Cracking the whip, the government has barred 156 NGOs from receiving foreign funds for six months for defying an order to open accounts in any of the 32 designated banks.
The home ministry said about a year ago, it had directed all non-governmental organisations (NGOs), business entities and individuals who receive funds from abroad to open accounts in any of the 32 designated banks for higher level of transparency.
However, the latest order said that it has been observed that the associations have not yet opened their bank accounts in central government’s Public Financial Management System (PFMS)-integrated banks and contravened the provisions of the Foreign Contribution (Regulation) Act 2010 by not complying with the December 2017 direction.
“Now, therefore, in exercise of the power conferred by section 13 of the FCRA, 2010, pending consideration of cancellation of their certificates, the central government hereby, suspends the registration under FCRA 2010 of the said associations (including their branches and units) for a period of one hundred and eighty days..,” the latest directive said.
Suspension of the FCRA registration means the NGOs and entities cannot accept funding from abroad, an official said.
The directive to the NGOs, companies and individuals to open foreign contribution accounts in banks, which are integrated with the central PFMS, was given for a higher level of transparency and hassle-free reporting compliance.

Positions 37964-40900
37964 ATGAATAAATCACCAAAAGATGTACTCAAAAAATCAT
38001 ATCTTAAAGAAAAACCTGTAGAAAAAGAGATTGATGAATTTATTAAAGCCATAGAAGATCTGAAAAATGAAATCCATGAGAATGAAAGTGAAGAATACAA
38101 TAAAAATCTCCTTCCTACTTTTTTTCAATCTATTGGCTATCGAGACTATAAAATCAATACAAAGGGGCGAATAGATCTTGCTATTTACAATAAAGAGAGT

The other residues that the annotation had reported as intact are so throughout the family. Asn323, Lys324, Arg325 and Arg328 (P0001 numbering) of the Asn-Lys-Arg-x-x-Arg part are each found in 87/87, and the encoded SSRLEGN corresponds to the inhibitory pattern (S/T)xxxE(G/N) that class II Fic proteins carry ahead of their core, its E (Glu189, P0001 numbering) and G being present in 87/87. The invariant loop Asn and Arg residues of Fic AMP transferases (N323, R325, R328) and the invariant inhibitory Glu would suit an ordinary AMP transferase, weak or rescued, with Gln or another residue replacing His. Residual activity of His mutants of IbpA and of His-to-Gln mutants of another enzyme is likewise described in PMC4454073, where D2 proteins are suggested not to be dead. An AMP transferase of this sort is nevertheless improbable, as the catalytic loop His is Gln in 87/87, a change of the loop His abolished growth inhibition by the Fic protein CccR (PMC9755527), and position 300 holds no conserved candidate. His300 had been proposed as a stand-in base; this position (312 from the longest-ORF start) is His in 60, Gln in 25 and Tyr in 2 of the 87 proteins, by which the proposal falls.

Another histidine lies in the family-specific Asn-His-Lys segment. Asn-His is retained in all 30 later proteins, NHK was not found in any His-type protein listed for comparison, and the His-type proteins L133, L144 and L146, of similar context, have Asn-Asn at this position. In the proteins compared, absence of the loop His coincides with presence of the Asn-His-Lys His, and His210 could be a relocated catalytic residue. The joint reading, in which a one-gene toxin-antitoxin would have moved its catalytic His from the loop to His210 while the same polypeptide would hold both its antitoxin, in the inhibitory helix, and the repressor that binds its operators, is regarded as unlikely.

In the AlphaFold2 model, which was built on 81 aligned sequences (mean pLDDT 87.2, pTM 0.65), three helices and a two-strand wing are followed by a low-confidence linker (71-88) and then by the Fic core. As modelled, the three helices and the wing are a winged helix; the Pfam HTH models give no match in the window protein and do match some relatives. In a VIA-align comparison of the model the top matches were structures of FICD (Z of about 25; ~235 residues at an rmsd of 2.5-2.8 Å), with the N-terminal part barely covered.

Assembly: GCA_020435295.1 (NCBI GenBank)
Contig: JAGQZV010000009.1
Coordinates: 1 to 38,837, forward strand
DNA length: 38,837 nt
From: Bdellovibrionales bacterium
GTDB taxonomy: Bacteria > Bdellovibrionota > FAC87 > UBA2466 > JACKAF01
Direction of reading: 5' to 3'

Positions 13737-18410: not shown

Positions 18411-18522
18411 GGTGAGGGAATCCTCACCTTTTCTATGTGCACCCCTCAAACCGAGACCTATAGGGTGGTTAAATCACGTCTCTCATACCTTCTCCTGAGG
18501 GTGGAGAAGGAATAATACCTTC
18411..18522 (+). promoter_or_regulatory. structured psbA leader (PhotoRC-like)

The FCRA 2010 provides for the regulation of acceptance of the foreign funds or foreign hospitality by certain individuals, associations, organisations and companies “to ensure that such contributions or hospitality is not being utilised for the activities detrimental to the national interest”, the ministry had said.
The 32 designated banks where individuals, NGOs and other entities can open their accounts are Abu Dhabi Commercial Bank, ICICI Bank, The Cosmos Co-Operative Bank, Bank of Baroda, State Bank of India, South Indian Bank, IDBI Bank, Central Bank of India, Corporation Bank, Karur Vysya Bank, Tamilnad Mercantile Bank Ltd, The Catholic Syrian Bank Ltd, HDFC Bank, UCO Bank, IndusInd Bank Limited, City Union Bank and Syndicate Bank.
Allahabad Bank, The Jammu and Kashmir Bank Ltd, Punjab National Bank, Allahabad UP Gramin Bank, DCB Bank Ltd, Manipur State Co-op Bank, Vijaya Bank, Bombay Mercantile Co-operative Bank Ltd, Yes Bank, Oriental Bank Of commerce, Dena Bank, Bank of Maharashtra, Canara Bank, Andhra Bank and Axis Bank are the others.
The PFMS, which functions under the Controller General of Accounts in the ministry of finance, provides a financial management platform for all plan schemes, a database of all recipient agencies, integration with core banking solution of banks handling plan funds, integration with state treasuries and efficient and effective tracking of fund flow to the lowest level of implementation for plan scheme of the government.
It also provides information across all plan schemes or implementation agencies in the country on fund utilisation leading to better monitoring, review and decision support system to enhance public accountability in the implementation of plan schemes.
Introduction of the PFMS resulted in effectiveness and economy in public finance management through better cash management for government transparency in public expenditure and real-time information on resource availability and utilisation across schemes.
It also resulted in improved programme administration and management, reduction of float in the system, direct payment to beneficiaries and greater transparency and accountability in the use of public funds.
The Narendra Modi-led government tightened the rules for NGOs and took action against all such entities for violation of various provisions of the FCRA 2010 which include non-filing of annual returns as mandated in the law.
Last month, the Home Ministry had served show cause notice to 1,775 entities for their “failure” to submit annual income and expenditure statement on foreign funding for up to six years.